3 Truths About the Writing Life (by Patty Smith-Hall)

file9421279373453I’ve always been one to know the facts. Be it in my old job as a research nurse or in my writing life, I’ve always wanted to know what to expect. Television had told me that romance writers lounged around on their chaise, a feather boa wrapped seductively around their neck, clad only in an uber expensive nightgown from Bloomingdales, holding their Yorkie with one hand while the story poured from the pen in her other one. If it’s a tough guy who writes suspense, he’s led a hardened life that gives an edge to his characters.

What a load of crud!

So what is the truth? What can you expect when you become a published author?

1) Writing is hard work!

I don’t like the show, Mike and Molly, because, last session, the female lead decided to quit her paying job as a teacher and become a writer. No writing classes or studying craft books—no,  she just whips out a couple of chapters and sells her book for a boatload of money to an editor she meets at her first eight-week writing retreat (for which she won a scholarship!)

No wonder they call it comedy!

The truth is it doesn’t happen like that for most of us. First, you write, then you write some more, until you’ve finally poured everything into finishing your book. All the while, you’ve studied craft books and gone to conferences, soaking in as much as you could to learn your craft. Then you pull out your novel and realize it’s pretty much 320 pages of crap, so you settle in to do the rewrites. And you edit and write and rewrite until that bright and glorious day when you finish it AGAIN.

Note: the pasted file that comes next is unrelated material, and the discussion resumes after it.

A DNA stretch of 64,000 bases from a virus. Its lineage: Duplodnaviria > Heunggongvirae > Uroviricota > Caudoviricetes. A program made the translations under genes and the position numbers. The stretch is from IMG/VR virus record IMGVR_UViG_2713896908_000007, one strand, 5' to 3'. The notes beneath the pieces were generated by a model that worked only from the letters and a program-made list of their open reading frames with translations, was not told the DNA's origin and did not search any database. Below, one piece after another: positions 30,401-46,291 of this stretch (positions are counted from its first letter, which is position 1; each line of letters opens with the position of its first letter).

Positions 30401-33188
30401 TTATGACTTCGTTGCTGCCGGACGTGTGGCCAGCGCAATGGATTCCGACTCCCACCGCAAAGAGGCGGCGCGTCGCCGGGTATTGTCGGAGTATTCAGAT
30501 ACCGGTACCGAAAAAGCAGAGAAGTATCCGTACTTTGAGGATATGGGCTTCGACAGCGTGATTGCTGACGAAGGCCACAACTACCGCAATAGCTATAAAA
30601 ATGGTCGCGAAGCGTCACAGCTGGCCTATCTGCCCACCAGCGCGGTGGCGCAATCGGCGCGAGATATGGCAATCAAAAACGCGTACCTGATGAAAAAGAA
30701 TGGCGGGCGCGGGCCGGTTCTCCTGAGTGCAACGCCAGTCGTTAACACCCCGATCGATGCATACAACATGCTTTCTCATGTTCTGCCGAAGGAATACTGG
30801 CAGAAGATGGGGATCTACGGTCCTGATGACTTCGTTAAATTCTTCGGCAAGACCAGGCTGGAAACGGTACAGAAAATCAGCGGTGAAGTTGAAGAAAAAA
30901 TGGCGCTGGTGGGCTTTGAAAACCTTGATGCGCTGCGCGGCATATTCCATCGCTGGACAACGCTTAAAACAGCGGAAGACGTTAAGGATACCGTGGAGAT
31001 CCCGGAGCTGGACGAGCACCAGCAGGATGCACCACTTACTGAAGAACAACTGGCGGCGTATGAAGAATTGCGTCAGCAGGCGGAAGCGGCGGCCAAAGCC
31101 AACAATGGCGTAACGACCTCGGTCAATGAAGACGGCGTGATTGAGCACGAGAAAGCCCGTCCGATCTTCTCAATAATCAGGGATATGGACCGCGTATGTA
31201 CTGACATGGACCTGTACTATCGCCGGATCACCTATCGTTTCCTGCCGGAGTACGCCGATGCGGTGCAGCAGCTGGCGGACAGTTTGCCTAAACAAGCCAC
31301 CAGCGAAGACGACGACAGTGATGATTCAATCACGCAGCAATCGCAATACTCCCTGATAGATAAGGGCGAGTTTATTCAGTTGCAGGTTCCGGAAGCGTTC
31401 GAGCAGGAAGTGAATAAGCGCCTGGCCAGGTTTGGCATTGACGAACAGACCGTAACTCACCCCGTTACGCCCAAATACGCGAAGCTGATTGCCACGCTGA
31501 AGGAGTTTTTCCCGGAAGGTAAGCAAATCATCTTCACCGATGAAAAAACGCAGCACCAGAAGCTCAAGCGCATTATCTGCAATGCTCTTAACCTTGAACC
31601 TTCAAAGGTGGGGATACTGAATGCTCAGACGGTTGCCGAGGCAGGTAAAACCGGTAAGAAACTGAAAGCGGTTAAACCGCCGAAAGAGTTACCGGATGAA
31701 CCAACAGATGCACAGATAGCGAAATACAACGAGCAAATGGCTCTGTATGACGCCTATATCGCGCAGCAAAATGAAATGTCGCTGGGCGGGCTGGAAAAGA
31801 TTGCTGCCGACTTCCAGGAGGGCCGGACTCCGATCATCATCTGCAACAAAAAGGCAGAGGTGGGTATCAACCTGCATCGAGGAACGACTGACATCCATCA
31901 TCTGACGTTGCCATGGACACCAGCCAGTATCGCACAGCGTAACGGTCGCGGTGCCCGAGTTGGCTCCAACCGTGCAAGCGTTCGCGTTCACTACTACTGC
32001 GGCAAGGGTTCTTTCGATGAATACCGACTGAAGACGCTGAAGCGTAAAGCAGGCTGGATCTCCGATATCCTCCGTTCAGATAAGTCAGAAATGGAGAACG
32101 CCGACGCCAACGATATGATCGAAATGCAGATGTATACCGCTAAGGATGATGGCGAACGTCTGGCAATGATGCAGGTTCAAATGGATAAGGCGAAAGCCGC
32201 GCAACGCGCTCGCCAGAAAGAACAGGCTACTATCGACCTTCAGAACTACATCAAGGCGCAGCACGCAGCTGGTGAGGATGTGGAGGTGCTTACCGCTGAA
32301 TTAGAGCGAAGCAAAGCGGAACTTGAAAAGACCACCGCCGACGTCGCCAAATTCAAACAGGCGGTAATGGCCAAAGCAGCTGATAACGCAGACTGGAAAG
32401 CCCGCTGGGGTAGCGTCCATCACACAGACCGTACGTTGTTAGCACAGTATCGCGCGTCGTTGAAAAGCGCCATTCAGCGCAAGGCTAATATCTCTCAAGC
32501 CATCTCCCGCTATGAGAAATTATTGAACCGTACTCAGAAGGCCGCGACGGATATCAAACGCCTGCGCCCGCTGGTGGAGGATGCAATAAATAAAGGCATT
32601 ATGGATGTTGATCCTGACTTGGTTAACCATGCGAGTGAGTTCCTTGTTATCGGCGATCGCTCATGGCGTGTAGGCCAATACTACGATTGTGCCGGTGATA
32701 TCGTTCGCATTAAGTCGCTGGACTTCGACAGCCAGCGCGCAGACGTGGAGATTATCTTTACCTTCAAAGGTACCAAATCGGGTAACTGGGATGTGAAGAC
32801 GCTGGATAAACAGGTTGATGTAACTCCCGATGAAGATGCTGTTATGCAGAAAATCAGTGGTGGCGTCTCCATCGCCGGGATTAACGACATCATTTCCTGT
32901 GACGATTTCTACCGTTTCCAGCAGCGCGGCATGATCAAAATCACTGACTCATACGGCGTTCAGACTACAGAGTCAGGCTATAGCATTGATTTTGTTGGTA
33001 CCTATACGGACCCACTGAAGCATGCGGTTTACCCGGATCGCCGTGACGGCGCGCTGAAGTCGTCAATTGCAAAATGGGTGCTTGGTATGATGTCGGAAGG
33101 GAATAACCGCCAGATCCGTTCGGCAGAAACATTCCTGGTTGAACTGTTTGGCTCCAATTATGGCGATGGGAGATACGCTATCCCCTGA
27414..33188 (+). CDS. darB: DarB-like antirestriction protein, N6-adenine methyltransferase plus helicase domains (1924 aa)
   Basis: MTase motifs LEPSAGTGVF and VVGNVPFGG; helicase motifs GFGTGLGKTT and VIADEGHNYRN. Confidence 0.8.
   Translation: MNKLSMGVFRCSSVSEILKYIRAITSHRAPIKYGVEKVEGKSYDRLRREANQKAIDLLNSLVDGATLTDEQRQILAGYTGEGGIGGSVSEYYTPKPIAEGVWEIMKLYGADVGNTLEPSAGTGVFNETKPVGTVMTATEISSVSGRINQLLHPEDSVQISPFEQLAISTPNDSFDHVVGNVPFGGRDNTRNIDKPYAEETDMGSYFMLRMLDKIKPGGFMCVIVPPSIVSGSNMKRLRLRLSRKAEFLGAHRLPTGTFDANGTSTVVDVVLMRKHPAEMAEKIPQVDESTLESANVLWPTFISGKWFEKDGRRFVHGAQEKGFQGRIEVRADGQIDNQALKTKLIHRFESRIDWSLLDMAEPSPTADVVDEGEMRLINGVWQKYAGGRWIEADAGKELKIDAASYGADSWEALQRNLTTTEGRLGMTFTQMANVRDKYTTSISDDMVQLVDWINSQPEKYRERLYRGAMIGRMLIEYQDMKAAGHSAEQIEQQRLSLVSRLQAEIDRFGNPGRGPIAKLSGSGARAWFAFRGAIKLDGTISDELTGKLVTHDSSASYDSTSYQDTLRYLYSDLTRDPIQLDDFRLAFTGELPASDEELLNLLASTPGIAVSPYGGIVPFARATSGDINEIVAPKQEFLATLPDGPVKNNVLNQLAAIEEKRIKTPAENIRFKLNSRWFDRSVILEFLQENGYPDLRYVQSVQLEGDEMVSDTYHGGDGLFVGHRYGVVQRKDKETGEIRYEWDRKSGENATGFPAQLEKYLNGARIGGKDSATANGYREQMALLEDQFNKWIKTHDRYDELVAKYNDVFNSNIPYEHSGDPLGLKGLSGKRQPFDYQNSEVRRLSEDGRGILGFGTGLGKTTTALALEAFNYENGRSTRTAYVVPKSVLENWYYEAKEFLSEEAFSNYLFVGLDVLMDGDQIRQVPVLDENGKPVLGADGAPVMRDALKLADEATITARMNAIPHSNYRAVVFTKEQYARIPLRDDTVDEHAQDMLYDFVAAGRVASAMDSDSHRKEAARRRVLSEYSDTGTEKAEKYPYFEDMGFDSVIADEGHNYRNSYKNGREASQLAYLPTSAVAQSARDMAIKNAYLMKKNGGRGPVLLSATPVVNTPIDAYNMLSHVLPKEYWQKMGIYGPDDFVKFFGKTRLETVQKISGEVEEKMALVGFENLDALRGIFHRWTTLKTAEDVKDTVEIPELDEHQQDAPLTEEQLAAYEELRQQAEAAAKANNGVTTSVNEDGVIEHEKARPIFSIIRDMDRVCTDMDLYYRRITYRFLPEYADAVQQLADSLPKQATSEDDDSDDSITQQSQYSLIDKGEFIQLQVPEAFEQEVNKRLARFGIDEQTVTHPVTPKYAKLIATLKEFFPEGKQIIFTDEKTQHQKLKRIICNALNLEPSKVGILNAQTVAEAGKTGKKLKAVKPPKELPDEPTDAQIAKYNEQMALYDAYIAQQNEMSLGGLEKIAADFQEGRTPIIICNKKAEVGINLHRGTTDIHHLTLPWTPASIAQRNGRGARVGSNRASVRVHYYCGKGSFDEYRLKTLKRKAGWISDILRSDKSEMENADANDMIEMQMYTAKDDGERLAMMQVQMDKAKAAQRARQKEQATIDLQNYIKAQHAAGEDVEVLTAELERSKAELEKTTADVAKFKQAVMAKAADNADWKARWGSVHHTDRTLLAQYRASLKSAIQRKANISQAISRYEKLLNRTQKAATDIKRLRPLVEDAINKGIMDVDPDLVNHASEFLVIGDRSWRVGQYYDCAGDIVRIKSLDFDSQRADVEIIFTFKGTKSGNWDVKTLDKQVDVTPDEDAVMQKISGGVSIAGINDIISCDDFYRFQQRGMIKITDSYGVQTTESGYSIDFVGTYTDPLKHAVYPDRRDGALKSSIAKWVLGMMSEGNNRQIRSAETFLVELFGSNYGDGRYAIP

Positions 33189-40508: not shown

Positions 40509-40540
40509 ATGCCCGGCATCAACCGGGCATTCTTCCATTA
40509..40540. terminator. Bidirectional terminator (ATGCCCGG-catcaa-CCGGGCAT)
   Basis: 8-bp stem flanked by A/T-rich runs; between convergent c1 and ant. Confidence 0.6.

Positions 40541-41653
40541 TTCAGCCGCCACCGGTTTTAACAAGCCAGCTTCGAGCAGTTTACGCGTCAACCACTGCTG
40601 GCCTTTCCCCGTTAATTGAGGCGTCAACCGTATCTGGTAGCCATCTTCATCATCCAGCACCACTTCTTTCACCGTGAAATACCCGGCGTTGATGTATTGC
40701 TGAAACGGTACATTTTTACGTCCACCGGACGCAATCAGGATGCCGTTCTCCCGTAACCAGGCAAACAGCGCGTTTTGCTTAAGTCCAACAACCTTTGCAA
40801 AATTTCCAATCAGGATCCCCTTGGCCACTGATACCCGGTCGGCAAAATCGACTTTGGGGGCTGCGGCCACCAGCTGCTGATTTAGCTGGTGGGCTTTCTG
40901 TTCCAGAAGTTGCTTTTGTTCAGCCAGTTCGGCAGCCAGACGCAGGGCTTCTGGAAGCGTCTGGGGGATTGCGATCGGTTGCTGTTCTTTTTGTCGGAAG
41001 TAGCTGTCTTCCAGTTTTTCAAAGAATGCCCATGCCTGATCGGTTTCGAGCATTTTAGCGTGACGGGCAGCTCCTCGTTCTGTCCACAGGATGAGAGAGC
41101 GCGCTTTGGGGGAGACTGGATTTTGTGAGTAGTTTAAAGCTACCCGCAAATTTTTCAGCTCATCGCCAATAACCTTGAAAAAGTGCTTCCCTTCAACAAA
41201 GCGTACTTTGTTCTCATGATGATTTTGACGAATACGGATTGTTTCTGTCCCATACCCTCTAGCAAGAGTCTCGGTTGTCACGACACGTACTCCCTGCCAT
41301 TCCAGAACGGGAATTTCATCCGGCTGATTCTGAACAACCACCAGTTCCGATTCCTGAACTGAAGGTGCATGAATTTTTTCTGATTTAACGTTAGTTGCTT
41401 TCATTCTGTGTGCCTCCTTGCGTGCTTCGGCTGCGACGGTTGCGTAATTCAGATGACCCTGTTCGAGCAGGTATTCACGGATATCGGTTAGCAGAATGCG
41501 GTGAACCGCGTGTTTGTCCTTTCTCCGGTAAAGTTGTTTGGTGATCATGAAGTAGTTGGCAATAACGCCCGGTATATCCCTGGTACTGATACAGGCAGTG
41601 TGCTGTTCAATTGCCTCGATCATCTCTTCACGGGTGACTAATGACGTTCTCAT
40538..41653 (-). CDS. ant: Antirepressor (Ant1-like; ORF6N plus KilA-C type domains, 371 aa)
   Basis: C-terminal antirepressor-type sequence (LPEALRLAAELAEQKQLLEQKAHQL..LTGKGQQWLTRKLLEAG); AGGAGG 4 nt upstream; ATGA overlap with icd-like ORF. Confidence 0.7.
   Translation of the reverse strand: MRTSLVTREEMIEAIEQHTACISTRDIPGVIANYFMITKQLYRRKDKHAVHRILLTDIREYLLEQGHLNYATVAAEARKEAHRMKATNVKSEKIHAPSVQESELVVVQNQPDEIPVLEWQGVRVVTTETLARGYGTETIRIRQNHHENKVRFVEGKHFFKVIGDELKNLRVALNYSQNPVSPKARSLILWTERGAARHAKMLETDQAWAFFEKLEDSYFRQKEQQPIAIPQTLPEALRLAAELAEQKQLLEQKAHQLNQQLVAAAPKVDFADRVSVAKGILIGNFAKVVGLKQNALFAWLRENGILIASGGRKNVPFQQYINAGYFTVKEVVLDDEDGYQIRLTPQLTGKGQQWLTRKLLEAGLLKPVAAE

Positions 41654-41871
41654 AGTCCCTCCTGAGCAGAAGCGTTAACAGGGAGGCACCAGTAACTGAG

Then it’s time to let others see your baby, for them to red line it and mark it up so that you can have an even better and stronger story. Then you’re ready to submit it . . . maybe.

But writing is also the most thrilling ride that I’ve ever been on (outside of marriage, but then marriage is work too!). Those giddy moments when you’ve written something so beautiful that you know it could only have come from God. Or those exquisite moments right after your agent tells you you’ve sold your first book; the first time you see your cover; seeing your book on the store bookshelves for the very first time—heck, even a one-starred review because it means someone took the time to read something you’ve created.

Yes, writing is hard, but it’s so totally worth it.

2) Not everyone will love your work.

I’m ashamed to say that when I first started, I thought every thing I wrote was magical. The characters, the descriptions felt so real to me, as if I’d actually stepped into the manuscript and had made my home there. Then I entered it in a writing contest, and waited, certain some smart publisher would snatch it up.